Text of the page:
So complain about government all you want but it's a problem either way.
This is where privatization comes in. It so happens that government can fulfill their duties AND get around a fair bit of costly regulation by privatizing government services. If the government isn't directly providing the service or hiring people to perform the service then some of the regulation that would apply no longer does. This especially saves money as far as employee pay and benefits. This also provides ongoing cost control as the private provider is now responsible for making sure the "public" services in question can be provided at whatever contract rate the government is willing to pay.
Of course, this often results in spotty service as the private provider stretches resources farther than the government themselves would ever do. Here in my city, the private company providing ambulance service for the city has been in the news quite a bit for poor response times. After the city fined them for it, it got "fixed". What was the provider's solution? When the number of available units gets to zero, they radio out to all the crews and tell them to hurry up. No kidding! Now an ex-employee is bringing this to light and both the provider and the city are saying that the frequency of having no available units is not something they track, and response time is what they really care about.
Some would say that the solution is to bring these services back in house, run and staffed by the city. I used to think this. However, such a view is ignorant of the cost pressures that drove privatization in the first place. Simply put, if the city could get away with doing things as cheaply as the private provider they would, but statute and regulation mean that they can't, so they privatize.
In these cases, government can't afford historical levels of service quality so they privatize and then excuse themselves of immediate responsibility for performance because they have an arm's length relationship with the private provider who is under no direct obligation to the public, and only a contractual obligation to the city.
It is much the same scenario with public schools. Underfunded public schools have been turned into basket cases that, in many cases, make it their mission to comply with statute and regulation because they can barely afford to do that. If your kid happens to get a good education then you are lucky. I saw this firsthand with my oldest child in Kindergarten. He struggled in the classroom and anytime we would ask for anything the school's response was always along the lines of whether or not they were obligated by the state education code to do what we asked. In several cases they even lied about not being obligated. I've had to become my own lawyer and arm myself with relevant portions of the state education code in all of my dealings with them. State ed code such-and-such and exhibit A, B, and C, and I'll be down to talk to you in person if you don't get it! The school cares less about helping children than they do with "complying" with state ed code.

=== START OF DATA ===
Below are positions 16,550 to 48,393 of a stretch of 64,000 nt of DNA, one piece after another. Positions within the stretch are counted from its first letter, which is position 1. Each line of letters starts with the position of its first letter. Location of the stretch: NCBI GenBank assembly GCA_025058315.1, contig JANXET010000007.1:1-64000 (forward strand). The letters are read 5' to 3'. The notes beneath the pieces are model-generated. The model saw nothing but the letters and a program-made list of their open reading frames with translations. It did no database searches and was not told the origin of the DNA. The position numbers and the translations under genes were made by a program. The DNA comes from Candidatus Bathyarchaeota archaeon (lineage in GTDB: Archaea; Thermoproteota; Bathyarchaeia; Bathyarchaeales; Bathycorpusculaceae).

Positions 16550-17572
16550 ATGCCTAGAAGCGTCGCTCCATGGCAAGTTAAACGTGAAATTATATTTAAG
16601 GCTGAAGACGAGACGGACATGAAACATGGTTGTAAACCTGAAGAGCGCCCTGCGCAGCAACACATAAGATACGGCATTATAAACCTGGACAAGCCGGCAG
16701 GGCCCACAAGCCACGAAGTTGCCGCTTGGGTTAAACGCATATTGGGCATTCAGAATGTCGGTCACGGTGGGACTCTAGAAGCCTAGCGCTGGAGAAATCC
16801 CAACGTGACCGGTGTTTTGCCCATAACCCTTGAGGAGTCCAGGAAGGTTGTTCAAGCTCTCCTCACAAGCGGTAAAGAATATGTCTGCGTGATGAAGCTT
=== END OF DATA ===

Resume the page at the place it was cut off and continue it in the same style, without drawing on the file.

Why is this? Are they bad people? Maybe there is a bit of coldness, of hardness. But the primary driver is funding. They can only afford to do so much so they do what they are legally obligated to do and if they can do more then fine but if not then oh, well! Charter schools are now stepping into this void as the primary vehicle of privatization for public schooling. Of course, charter schools are under less regulation than public schools (government-run schools) including regarding employee pay and benefits. As parents leave paralyzed public schools for charter schools it only makes the public school funding issue worse.
Of course the public tends to be split on the issue, with conservatives correctly identifying that public pensions and regulation are part of the problem, and liberals correctly identifying that under funding is part of the problem. But we so easily forget that the system which is now broken worked, once upon a time, and it was well funded, once upon a time. It remains an ideal system in many ways. We'd like to good public schools back, we'd like to have city-run ambulance services back. It would be great to have more government workers with money and pensions to put into the economy.
But it's not going to happen anytime in the foreseeable future. We can't properly fund such levels of public service without broader economic activity to match, which is not forthcoming, and will not be forthcoming. Since we can't solve the under funding problem, we have no choice but to cut public pensions and regulation. It will happen. Already public pension funds are only holding on because we actually believe them when they say they will generate annual returns of 7% in a market that, since the Great Recession, has been returning much less. Pensions will be ended, and current beneficiaries will take a major haircut, and even that will require a significant bail-out from public funds.